job-characteristics-model

Hackman and Oldham’s Job Characteristics Model

  • Hackman and Oldham’s job characteristics model is a framework that businesses use to design jobs that facilitate employee motivation.
  • Hackman and Oldham’s model is based on the idea maintaining motivation in the workplace lies in the job itself. While mundane tasks were found to decrease productivity, more varied tasks had the opposite effect.
  • Hackman and Oldham identified five job characteristics that enrich a role and cause employee motivation, satisfaction, and performance to increase: skill variety, task identity, task significance, task autonomy, and feedback. These factors are linked with three psychological states that improve an employee’s motivation in the workplace.

Understanding Hackman and Oldham’s job characteristics model

Hackman and Oldham’s job characteristics model is a framework that businesses use to design jobs that facilitate employee motivation.

Hackman and Oldham’s job characteristics model was released in 1975 by organizational psychologists J. Richard Hackman and Greg R. Oldham. 

To determine why some employees lost interest in their roles, Hackman and Oldham studied 658 workers in 62 jobs across seven companies and published their results twelve months later.

The results became known as the Hackman and Oldham job characteristics model which remains popular with organizations today.

The model is based on prior research conducted in the 1960s. Organizational theorists of the time started to realize that production lines (touted for their efficiency) were also somewhat inefficient because mundane, repetitive tasks made workers less motivated and productive.

Hackman and Oldham’s model is based on the idea that the key to maintaining motivation in the workplace lies in the job itself.

In other words, while mundane tasks decreased productivity, more varied tasks had the opposite effect. The researchers also believed that this idea had merit irrespective of the role or industry.

Hackman and Oldham’s five core job characteristics

Hackman and Oldham identified five job characteristics that enrich a role and cause employee motivation, satisfaction, and performance to increase. 

The five characteristics include:

  1. Skill variety – the extent to which a job requires the employee to use multiple skills or perform diverse activities. 
  2. Task identity – the extent to which tasks have a clear start and finish. That is, can the employee recognize when one task ends and another begins?
  3. Task significance – does the employee feel like their position has meaning? Does it make an appreciable impact on the company or its customers?
  4. Task autonomy – is the employee free to accomplish their tasks with little oversight? Or do they feel micromanaged and stifled?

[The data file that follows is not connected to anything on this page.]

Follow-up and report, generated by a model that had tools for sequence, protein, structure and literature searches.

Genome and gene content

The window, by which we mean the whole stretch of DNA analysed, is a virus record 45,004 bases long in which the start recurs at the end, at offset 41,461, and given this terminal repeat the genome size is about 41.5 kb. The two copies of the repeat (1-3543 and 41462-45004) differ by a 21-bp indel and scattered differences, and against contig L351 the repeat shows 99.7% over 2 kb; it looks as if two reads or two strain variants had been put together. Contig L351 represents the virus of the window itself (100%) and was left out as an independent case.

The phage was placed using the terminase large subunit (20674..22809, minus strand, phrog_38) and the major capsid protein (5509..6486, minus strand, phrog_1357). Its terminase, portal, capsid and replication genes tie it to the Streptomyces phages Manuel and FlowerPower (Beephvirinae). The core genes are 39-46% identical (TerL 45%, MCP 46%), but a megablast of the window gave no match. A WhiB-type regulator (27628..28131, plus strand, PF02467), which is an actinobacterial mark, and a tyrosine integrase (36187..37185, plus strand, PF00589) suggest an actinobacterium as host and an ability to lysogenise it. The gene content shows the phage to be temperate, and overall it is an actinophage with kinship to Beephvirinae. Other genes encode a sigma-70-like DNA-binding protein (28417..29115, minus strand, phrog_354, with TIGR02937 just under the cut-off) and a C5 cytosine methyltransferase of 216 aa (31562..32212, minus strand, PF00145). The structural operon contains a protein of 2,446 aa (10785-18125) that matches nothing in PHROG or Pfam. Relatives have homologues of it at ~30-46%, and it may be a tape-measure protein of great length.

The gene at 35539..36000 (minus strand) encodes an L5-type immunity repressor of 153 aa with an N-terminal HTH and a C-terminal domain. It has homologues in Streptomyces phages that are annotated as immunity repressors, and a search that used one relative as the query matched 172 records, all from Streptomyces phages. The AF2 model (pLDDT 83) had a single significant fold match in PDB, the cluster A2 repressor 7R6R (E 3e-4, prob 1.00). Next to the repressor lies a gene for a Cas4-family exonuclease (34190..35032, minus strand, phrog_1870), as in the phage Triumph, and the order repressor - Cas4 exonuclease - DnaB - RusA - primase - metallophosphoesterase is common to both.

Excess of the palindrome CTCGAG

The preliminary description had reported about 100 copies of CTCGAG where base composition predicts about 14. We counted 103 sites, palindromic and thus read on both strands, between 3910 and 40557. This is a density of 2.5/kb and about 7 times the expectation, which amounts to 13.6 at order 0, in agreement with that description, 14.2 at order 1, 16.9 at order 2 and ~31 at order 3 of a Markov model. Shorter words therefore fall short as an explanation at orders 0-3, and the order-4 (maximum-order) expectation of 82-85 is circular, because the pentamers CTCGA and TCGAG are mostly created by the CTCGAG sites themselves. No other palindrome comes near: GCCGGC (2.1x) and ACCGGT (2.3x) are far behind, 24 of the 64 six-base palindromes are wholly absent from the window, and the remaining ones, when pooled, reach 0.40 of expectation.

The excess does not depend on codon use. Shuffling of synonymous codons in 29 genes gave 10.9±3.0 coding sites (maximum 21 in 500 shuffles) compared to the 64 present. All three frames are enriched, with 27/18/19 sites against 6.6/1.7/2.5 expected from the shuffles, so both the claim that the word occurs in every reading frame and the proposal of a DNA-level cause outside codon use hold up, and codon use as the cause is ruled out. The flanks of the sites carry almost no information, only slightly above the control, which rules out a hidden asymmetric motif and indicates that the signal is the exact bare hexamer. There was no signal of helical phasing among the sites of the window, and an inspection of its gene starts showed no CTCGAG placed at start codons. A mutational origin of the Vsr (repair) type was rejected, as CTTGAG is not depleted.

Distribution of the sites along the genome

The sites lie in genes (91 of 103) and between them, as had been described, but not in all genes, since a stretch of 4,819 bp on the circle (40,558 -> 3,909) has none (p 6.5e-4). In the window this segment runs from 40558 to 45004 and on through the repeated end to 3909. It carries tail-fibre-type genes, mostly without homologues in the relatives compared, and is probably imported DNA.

5. Feedback – the extent to which an employee is aware of (and understands) their own performance. Feedback is derived from traditional sources like managers and customers but can also come from the job itself. 

The three critical states of Hackman and Oldham’s model

Before we list the three critical states, it is worth mentioning that job satisfaction pertains to various intrinsic and extrinsic aspects of the job.

It is not satisfaction in the context of happiness or self-contentment.

Hackham and Oldham described these aspects in terms of three psychological states that are linked to the five characteristics mentioned earlier.

Each state improves one’s motivation whilst at work, so let’s now look at how the five characteristics and three states interact.

Meaningfulness of work

Meaningful work has meaning to the employee and is something they can relate to on some level.

This form of work is fundamental to intrinsic motivation.

In other words, the employee is motivated by some inherent aspect of the work and does not see their presence in the workplace as solely to collect a salary, for example.

Characteristics that fall under this psychological state include:

  1. Skill variety.
  2. Task identity, and
  3. Task significance.

Responsibility

Employees feel responsible for their job when they are provided with the freedom, discretion, and independence to work as they see fit.

This relates to the characteristic of task autonomy.

Knowledge of outcomes

Knowledge of outcomes means the employee is aware of how their inputs (work or effort) translate into outputs (performance). 

Knowledge of outcomes refers to the characteristic of feedback which, as we noted earlier, comes from others or the job itself. 

Hackman and Oldham’s job model best practices

To use Hackman and Oldham’s research to their advantage, organizations and managers should at the very least:

  • Vary work activities to foster skill variety. This can be achieved via rotating employees through different stations or areas and encouraging them to upskill.
  • Ensure tasks are clearly defined wherever possible – particularly in menial positions.
  • Maximize the delegation of tasks to subordinates to increase autonomy and thus responsibility, and
  • Make a connection between the work employees produce and the outcomes of that work. This may include regular performance reviews where certain metrics such as customer satisfaction or equipment downtime are referenced. 
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